I am testing these function with two different unit test methods, one with the attribute #[test] and one with the attribute #[tokio::test] This is to ensure that foo_sync will operate correctly in with an existing tokio runtime or without a tokio runtime being started. In my case, foo_sync is a low-level library function and it will be used in higher level applications, where some are async applications and some are traditional synchronous applications.

What you're doing is turning the async operation into a synchronous (blocking) one, and so doing this within an async framework is at least as bad as doing synchronous IO. At best, it'll use up one of the async framework's threads, and at worst, using up too many threads could cause the framework to cease to make progress, leading to a complete deadlock. This is why tokio errors here, to prevent this situation.

To fix this, I'd recommend either not calling the sync method from within an async framework, or if you do, using tokio::task::spawn_blocking() to call it. Then it'll be treated the same as regular, blocking IO and you should be all good.

If your high level application uses the sync method as a primitive, then I think by definition it would also then be a blocking / synchronous IO call, and should thus always be called via spawn_blocking anyways.

You simply can't turn a sync function into an async function. There's no way to do it. Tokio will panic in block_on if you try, and if you cheat it with thread::sleep (or any other method of blocking), you risk having everything else running on the runtime at the same time pause until foo_sync returns, and this includes your spawned task by the way, which would cause your entire application to deadlock.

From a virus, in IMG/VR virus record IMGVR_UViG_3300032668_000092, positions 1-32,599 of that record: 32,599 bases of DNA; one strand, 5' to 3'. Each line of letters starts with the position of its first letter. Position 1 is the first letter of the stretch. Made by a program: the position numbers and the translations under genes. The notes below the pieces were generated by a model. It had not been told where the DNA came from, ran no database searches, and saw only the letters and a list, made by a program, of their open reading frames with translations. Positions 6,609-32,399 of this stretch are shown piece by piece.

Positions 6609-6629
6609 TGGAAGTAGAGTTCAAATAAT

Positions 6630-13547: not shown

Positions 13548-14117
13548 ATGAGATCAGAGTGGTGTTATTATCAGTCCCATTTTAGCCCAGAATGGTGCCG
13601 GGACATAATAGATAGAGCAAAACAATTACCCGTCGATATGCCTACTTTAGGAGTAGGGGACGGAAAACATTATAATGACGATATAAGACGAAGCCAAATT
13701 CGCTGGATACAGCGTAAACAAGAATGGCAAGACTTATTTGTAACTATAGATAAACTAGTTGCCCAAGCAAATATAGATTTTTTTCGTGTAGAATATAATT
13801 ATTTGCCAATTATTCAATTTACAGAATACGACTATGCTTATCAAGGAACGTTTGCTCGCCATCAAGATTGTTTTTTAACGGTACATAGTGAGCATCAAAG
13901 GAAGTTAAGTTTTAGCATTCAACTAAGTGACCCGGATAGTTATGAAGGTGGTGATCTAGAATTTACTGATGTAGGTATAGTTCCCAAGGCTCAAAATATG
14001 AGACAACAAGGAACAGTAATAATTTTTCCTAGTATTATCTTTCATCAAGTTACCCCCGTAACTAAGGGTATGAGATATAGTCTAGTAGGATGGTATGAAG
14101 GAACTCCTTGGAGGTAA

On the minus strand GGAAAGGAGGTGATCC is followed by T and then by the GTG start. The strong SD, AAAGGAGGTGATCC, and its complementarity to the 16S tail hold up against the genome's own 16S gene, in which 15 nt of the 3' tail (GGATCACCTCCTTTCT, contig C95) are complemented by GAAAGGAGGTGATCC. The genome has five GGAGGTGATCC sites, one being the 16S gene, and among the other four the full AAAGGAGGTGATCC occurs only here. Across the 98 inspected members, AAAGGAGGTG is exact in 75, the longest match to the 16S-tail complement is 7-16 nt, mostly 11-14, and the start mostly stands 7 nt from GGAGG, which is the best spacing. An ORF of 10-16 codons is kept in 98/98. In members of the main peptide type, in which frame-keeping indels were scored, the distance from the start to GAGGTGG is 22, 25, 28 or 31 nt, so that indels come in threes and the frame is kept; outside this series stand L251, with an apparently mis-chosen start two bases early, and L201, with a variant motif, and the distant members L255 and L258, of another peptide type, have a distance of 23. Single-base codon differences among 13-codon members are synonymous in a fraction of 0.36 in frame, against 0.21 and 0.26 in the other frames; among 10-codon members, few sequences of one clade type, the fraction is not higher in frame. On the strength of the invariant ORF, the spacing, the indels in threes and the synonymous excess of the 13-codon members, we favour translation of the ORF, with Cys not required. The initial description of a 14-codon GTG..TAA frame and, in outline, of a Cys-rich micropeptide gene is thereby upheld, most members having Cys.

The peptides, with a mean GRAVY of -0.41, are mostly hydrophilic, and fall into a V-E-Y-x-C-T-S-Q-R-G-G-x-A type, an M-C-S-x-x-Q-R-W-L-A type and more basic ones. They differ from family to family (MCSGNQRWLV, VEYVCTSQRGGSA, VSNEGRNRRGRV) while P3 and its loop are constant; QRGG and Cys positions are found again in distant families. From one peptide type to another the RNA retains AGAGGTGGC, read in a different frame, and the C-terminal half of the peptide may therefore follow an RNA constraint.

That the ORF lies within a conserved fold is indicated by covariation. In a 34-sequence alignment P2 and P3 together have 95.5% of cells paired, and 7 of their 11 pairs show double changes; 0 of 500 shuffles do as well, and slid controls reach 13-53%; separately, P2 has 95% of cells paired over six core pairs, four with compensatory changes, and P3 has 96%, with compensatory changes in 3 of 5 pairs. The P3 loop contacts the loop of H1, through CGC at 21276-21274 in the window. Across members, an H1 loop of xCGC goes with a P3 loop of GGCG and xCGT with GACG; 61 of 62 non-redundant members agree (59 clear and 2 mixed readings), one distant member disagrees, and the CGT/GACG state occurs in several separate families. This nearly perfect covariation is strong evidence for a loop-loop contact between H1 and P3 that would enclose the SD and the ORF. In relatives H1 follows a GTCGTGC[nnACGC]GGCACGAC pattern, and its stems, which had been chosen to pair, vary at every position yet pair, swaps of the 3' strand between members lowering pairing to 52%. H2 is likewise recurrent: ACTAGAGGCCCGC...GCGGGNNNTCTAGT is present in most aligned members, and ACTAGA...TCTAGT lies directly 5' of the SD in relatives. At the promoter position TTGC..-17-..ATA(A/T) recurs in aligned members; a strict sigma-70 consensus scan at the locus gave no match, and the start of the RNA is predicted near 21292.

@daboross' recommendation about spawn_blocking is correct. If your async function puts the call to foo_sync inside spawn_blocking, then there's no issue and block_on should just work.

1 Like

OK, so I didn't get that you might have a runtime running already. If you for some reason want to just rework your exact example to run both if it's called within an existing tokio context.

Now you can get this to work if you rely on Tokio's threaded scheduler since spawn will start running the future on a different thread. But it's a brittle work around since you'll have to rely on the "exisiting" runtime to be threaded for this to work. This could probably even break in future releases of Tokio since AFAIK there is no guarantee that it will always work this way.

I don't know the details of your problem, so I just post the solution here even though I would try hard to rewrite this some other way.

Rewritten original example
use tokio; // 0.2.21
use std::thread;
pub type Result<T> = std::result::Result<T, Box<dyn std::error::Error + Send + Sync + 'static>>;

pub fn foo_sync(key: &'static str) -> Result<String> {
    let (send, mut recv) = tokio::sync::oneshot::channel();
   
    
    let future = async move {
        println!("*** future starting on thread {}!!", thread::current().name().unwrap_or("N/A"));
        let res = foo_async(key).await;
        send.send(res).unwrap();
     
    };
    if let Ok(handle) = tokio::runtime::Handle::try_current() {
        handle.spawn(future);
    } else {
        //Create a new runtime and run the function
        let _res = tokio::runtime::Builder::new()
            .basic_scheduler()
            .enable_all()
            .build()
            .unwrap()
            .block_on(future);
    }

    for _ in 0..10 {
        match recv.try_recv() {
            Ok(val) => return val,
            // The channel will never receive a value.
            Err(tokio::sync::oneshot::error::TryRecvError::Closed) => {